His hand pushed the small of her back, bringing her hips, legs, bringing all of her, closer to his face, his mouth, his lips. She leaned back against the headboard, held his other hand, her fingers intertwined with his. The next moment she pressed their hands onto her breast, and squeezed them both together. Then she took each finger in her mouth, then slowly drew each one out between her lips. Her other hand gently stroked his hair, her fingers pushed ever so firmly on the back of his head.
They had left the office separately, a few minutes apart, each in their own car. He made sure to drive in a direction away from his home when he left the company parking lot. He rented a bungalow in the old part of town. The landlord, a real estate agent living in Monte Sereno, owned seven homes on the peninsula. One neighbor was a widow; in her seventies, she wore a wig and drove a faded red Datsun truck. Her front yard, once well kept, was now a tangle of oleander, euryops, and rosemary bushes. The other neighbor, newly moved in, worked on Sand Hill Road. He always backed his silver German sedan into the driveway so it faced the street. In the yard was the sign of a contracting company, about to start renovation.
She was waiting on his porch when he drove up, leaning against the door, arms folded, her black leather purse hanging down, the slightest smile on her face. She said nothing as he unlocked the door, passed by him brushing her fingers against his ribs, walked through the living room. It was a spare room: a long dark wood couch, upholstery in red and green, like something from an Austrian hunting lodge. There as a large, frayed Oriental rug, a low table with books, newspapers.
She turned into the hall; on the wall he had five water-colors, in blue, gold, red, and black, from Paris his mother had given him. to the back hall, to the bedroom.
She had taken off her own clothes. He took off his. Their time was limited, the gradual undressing of each other was for other occasions. Yet once in bed, they deliberately held back, the work tempo discarded with their clothes. They moved slowly, mocking the limited time they had. She placed her palm on the side of his hips, not moving, heat building, soon there was the slightest hint of moisture.
The noon day sunlight shone straight down through the blinds onto the floor, the time of the day was wrong—no, not wrong, just different. They came together mostly at night, or in the early morning, not when the sun was overhead, not in the middle of the week.
He pulled her closer to until their foreheads touched. He never tired of her face. The spray of freckles across her cheeks, nose, even on her lips. There were the faintest of lines, like rays, from the sides of her eyes. He rested his cheek against her stomach, moved, kissed around her navel stud, then moved gradually lower, never hurrying.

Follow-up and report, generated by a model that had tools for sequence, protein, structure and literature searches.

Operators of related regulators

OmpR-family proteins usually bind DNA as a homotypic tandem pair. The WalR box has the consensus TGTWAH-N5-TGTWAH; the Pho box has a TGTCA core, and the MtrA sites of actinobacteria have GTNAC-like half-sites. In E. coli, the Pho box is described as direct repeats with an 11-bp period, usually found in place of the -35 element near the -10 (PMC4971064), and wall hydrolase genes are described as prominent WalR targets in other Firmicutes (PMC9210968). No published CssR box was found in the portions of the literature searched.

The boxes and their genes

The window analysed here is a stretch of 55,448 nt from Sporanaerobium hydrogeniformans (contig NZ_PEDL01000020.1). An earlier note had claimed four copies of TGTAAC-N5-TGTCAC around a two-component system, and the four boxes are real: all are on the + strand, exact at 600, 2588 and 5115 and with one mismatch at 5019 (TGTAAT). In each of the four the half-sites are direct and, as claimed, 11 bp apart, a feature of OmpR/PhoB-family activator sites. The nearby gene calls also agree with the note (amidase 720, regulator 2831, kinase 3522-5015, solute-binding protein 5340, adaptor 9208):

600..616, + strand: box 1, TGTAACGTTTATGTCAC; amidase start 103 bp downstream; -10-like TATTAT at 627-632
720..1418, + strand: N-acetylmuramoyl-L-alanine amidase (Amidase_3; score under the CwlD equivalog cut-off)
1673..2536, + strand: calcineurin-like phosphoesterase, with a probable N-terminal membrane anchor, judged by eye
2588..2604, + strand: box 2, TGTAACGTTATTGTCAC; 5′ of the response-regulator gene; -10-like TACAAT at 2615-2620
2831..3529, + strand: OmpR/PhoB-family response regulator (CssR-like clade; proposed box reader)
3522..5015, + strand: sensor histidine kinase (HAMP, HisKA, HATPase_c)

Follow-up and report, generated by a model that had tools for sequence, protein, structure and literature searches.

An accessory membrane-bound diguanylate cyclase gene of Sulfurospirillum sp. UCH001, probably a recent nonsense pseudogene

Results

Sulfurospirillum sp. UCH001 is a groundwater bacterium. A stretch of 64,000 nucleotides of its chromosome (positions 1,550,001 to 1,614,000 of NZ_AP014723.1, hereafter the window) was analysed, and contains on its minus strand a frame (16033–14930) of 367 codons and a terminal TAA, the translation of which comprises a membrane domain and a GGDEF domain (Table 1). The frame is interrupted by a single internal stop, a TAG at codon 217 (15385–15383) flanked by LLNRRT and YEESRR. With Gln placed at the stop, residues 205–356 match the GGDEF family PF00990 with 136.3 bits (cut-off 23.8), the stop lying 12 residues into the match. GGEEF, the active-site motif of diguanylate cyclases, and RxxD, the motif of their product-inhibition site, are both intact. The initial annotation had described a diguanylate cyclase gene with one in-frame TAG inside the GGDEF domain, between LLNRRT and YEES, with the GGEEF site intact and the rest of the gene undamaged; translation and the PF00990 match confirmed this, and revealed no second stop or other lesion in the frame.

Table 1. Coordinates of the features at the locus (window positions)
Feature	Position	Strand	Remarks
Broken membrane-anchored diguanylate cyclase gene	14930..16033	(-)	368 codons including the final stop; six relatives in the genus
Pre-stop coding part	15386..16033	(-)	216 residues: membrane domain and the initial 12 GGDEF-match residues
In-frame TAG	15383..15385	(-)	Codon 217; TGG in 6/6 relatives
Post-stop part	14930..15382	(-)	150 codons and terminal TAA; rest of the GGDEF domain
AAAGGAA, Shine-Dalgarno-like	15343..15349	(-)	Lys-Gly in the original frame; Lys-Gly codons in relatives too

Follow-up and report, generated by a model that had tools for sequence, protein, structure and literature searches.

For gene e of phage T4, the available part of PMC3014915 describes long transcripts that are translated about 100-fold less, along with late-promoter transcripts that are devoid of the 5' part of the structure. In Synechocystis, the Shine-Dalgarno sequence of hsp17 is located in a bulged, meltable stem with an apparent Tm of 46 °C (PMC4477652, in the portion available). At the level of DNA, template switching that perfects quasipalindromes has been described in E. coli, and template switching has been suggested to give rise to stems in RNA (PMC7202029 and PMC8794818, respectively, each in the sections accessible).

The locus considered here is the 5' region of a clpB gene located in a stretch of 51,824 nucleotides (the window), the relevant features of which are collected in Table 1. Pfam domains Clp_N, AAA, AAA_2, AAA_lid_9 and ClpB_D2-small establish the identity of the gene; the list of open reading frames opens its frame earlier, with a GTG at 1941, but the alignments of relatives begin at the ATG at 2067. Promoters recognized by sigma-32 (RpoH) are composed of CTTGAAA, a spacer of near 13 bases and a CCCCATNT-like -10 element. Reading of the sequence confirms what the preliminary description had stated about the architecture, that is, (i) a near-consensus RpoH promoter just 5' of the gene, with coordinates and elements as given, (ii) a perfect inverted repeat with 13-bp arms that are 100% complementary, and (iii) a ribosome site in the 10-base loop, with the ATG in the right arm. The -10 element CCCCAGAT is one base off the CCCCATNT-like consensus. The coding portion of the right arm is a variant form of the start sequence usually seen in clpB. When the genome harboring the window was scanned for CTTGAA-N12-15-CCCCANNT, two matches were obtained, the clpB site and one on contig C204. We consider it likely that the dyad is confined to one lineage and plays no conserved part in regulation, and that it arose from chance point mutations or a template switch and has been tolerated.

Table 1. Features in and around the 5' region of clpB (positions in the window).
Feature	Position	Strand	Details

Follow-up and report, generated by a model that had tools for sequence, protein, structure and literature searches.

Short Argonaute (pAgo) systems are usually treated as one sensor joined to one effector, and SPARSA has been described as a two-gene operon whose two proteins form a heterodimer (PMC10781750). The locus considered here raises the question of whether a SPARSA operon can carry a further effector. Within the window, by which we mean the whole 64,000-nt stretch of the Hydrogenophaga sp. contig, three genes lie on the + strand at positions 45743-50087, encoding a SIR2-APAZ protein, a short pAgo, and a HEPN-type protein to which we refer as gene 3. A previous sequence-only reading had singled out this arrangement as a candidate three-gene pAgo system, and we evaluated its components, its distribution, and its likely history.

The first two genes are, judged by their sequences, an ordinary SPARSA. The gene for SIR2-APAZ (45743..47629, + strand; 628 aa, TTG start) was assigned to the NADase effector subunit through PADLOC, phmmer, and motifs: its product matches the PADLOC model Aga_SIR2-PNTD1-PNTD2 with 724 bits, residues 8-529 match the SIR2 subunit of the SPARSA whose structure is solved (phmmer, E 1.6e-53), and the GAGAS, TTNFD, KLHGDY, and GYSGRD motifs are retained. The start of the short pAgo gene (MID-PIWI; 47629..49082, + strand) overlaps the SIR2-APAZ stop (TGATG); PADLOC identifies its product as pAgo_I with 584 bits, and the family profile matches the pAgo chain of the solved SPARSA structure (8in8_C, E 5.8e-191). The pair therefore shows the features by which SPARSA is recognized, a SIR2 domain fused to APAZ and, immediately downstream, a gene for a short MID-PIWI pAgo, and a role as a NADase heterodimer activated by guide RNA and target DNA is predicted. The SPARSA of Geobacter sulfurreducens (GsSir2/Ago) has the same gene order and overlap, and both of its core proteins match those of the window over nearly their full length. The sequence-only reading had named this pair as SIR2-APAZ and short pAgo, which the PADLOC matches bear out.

It seemed unlikely. He was from Kansas, somewhat plain. She was of Saigon and Montreal, exotic—sometimes it caused confusion. In Hanalei their surf guide had been sure she was part Polynesian, told her about state benefits available to native children. At a barbecue in Lander, a man with large belly, in a pressed white shirt and rodeo belt buckle, insisted she was part Crow. An old man in Barcelona, in corduroy pants, a wool jacket, and beret, had walked up to her and started speaking Spanish. In Marseille, by the old port, two Italian women, arms interlinked, tourists in town for the day off the Costa Serena, asked her what cabin she was in.
They both had a past, disappointment, bad shit. Neither had parents nor grandparents, no one really close. Siblings and cousins were far away. They had lived in the state a long time, but neither felt it was home.
Now she lay on her side, he was behind her, pressed into her. His left arm ran between the gap just above her shoulder. His hand lay over her wrist and watch—she had bought it after her first magazine cover. He told her it cost more than some of the cars he had owned. She replied that said something about his cars, and spread over fifteen years didn’t really come out to very much.
His fingers traced along the ridge of her body, from the rise of her hips down to her waist, then up again to her back, then along the lines of her ribs to the edge of her breast. She didn’t like her back, she had been a swimmer in high school, it was too muscular. He disagreed.
During a dinner at Duarte’s in Pescadero, one of the sales managers had come into the restaurant with his family. Men were worse gossips than women, she warned him. There was a bit of consternation at the office, but nothing had really changed. They had made no effort to hide, nor had they told anyone. If someone too long watched them talking, she would stop talking to him, look at the observer until that person looked away, then she resumed.
In a gesture that might have been from a tea ceremony, her right hand reached back and pushed her thick, coarse brown hair to the top of her head, out of his face. As his prick slide inside her, she arched her back and pushed against him. He felt in the center of everything, all was as it should be, everything was clear to him now.
There was always the moment of violence with her. She suddenly became strong, stretching, flexing, then afterwards languid, calm.
He liked watching her put on makeup. There was something business like about it. She was like a mechanic preparing a car for a race. She knew she was good looking, but she had a clinical attitude about it, without vanity, as if she had inherited a trust and was responsible for it.
We need this. Smash the routine, defy convention.
They shared a baguette, blue cheese, a pear, and some left over pad-Thai. It was time to go back to the office.